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Western Massachusetts’ The Varlets Impresses With EP

In recent memory, Western Massachusetts has been considered a dead zone in creativity due to its lack of a local music scene.

Tyler Leahy
Opinions Editor

 

 

 

Photo Credit: Reed Sutherland
Photo Credit: Reed Sutherland

In recent memory, Western Massachusetts has been considered a dead zone in creativity due to its lack of a local music scene.

Rock ‘n’ roll revivalists The Varlets do more than fill a void in talent on their latest release, ‘Fever Dream’, a six-track E.P. now available for streaming on Spotify and purchase on iTunes.

‘Fever Dream’ will have a proper physical copy release during a CD release party on Oct. 24 at 9 p.m., located at The O’s in Sunderland.

‘Fever Dream’ finds The Varlets honing a clean, sharp sound, now more comfortable with producing and mastering their material in studio. It offers

The Varlets’ most cohesive effort to date, without compromising the superb musicianship that has been a mainstay in past works.

Guitarists Vassilios Karsaliakos and Sam Pursey intertwine effortlessly, sharing vocal duties throughout the E.P. in a sequence that plays to a complimentary strength. Bassist Reed Sutherland and drummer Pat Brown provide the technical backbone needed for the variety of song structure within ‘Fever Dream’.

Riddled with blues-infused tempo changes, piano keys, and ethereal background vocals throughout, Fever Dreams plays in a manner that suits its title.

Opening track “Electric Pulse” sets an ethereal tone, drawing some comparison to song structure mastered by rock heavyweights Queens of The Stone Age. Similar to a formula executed so well by Josh Homme, Karsaliakos’ voice soars over a plodding riff and hushed backing vocals.

Second track “Any Way I Can” continues the E.P.’s slow build towards an all-out fever breakout, with Pursey purporting “You say you’re searching for a reason to live, well why don’t you just take one of mine?”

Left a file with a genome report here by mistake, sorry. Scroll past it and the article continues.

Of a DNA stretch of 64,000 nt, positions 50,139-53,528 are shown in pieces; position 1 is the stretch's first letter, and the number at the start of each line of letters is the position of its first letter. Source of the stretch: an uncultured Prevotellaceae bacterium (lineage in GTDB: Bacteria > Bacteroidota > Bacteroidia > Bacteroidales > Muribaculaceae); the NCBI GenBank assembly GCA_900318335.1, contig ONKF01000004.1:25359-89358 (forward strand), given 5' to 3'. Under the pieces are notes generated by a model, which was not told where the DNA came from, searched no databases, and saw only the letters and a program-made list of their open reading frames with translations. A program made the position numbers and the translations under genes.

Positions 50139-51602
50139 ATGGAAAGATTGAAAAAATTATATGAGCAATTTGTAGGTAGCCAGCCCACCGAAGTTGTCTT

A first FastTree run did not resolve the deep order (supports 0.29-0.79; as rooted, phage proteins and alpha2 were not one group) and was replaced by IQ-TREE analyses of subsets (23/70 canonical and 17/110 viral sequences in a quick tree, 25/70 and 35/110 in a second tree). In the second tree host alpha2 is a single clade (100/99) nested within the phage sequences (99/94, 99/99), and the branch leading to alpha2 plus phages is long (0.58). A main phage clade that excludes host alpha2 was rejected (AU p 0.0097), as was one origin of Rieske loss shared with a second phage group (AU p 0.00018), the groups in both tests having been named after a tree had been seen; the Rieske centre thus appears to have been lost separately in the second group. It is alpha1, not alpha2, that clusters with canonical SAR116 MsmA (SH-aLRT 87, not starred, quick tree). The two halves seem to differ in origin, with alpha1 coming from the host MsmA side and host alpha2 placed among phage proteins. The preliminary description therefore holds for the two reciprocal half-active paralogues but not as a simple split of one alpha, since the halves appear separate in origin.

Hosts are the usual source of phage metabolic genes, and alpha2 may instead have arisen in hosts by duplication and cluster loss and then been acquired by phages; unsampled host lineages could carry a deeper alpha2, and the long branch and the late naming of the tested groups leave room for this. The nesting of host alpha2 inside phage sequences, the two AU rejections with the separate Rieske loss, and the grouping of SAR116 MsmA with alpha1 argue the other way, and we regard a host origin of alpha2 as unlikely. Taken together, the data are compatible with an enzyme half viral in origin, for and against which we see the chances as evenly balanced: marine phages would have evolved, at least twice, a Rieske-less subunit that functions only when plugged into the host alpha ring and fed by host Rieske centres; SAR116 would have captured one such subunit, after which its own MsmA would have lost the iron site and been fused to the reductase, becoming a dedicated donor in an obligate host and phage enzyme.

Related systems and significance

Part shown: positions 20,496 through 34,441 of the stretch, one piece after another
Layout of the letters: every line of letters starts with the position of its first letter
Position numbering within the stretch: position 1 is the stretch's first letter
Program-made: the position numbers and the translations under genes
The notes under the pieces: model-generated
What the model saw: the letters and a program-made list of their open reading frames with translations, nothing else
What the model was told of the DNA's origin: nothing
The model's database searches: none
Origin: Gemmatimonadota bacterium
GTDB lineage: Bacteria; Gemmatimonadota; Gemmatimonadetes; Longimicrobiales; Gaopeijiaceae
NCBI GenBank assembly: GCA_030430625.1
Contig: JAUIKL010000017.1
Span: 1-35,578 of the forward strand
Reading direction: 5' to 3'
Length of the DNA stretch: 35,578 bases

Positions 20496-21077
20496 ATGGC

Sutherland takes the spotlight on the bass-driven middle track “Tantalized”, which raises the temperature, reaching the feverish sound built throughout previous tracks.

It is followed by a slow, funky interlude that properly reminds the listener that this experience is still a dream, too.

Track five, “Running to Forever” displays The Varlets in a controlled climax and display of energy.

Abundant with intricacies from every instrument, constant tempo changes, and vocals from both Karsaliakos and Pursey, the song sounds as if constructed by musicians with decades of experience rather than a gang of twenty-something  childhood best friends.

Brown’s command of percussion excellence is most evident. The E.P’s most shining moment comes in the form of a masterful guitar solo by Karsaliakos that bleeds through the close of “Running to Forever”.

Closing song “Technicolor Sweetness” provides the picturesque ending needed to complete a work entitled  ‘Fever Dream’, a buoyant cloud of layered sounds accompanied with vivid imagery bellowed by Karsaliakos: “But then the sirens sing:

‘Do you remember when, like colors in the sand we wash away again? You set sail on a golden breeze into the sea you wash away from me.’”

By highlighting ‘Fever Dreams’ with an attention to detail and structure, The Varlets deliver an experience that is more rewarding with each listen.

The release proves they are not just a band skillful at each instrument, but a band that can execute a well-developed concept at ease.

‘Fever Dreams’ imposes a sound both accessible and individualistic enough to garner serious interest that extends far beyond the limits of the Western Massachusetts. music scene.

1 comment

  1. “In recent memory, Western Massachusetts has been considered a dead zone in creativity due to its lack of a local music scene.”

    The above statement could not be further from the truth. Western Mass has a dedicated music scene awash in creativity, and has been noted for its nurturing attitude towards artists and musicians for years.

    Today, interested listeners can sample a fledging metal scene in Springfield, a vibrant indie scene in Northampton, and hear genres as varied as country, alternative, hip-hop and more throughout the Pioneer Valley. Many groups even possess thriving online existences so their music can be heard even without fans leaving their homes to catch a live gig.

    Local music coverage by the Student is appreciated, but painting the surrounding area as “a dead zone in creativity,” is a misguided generalization.

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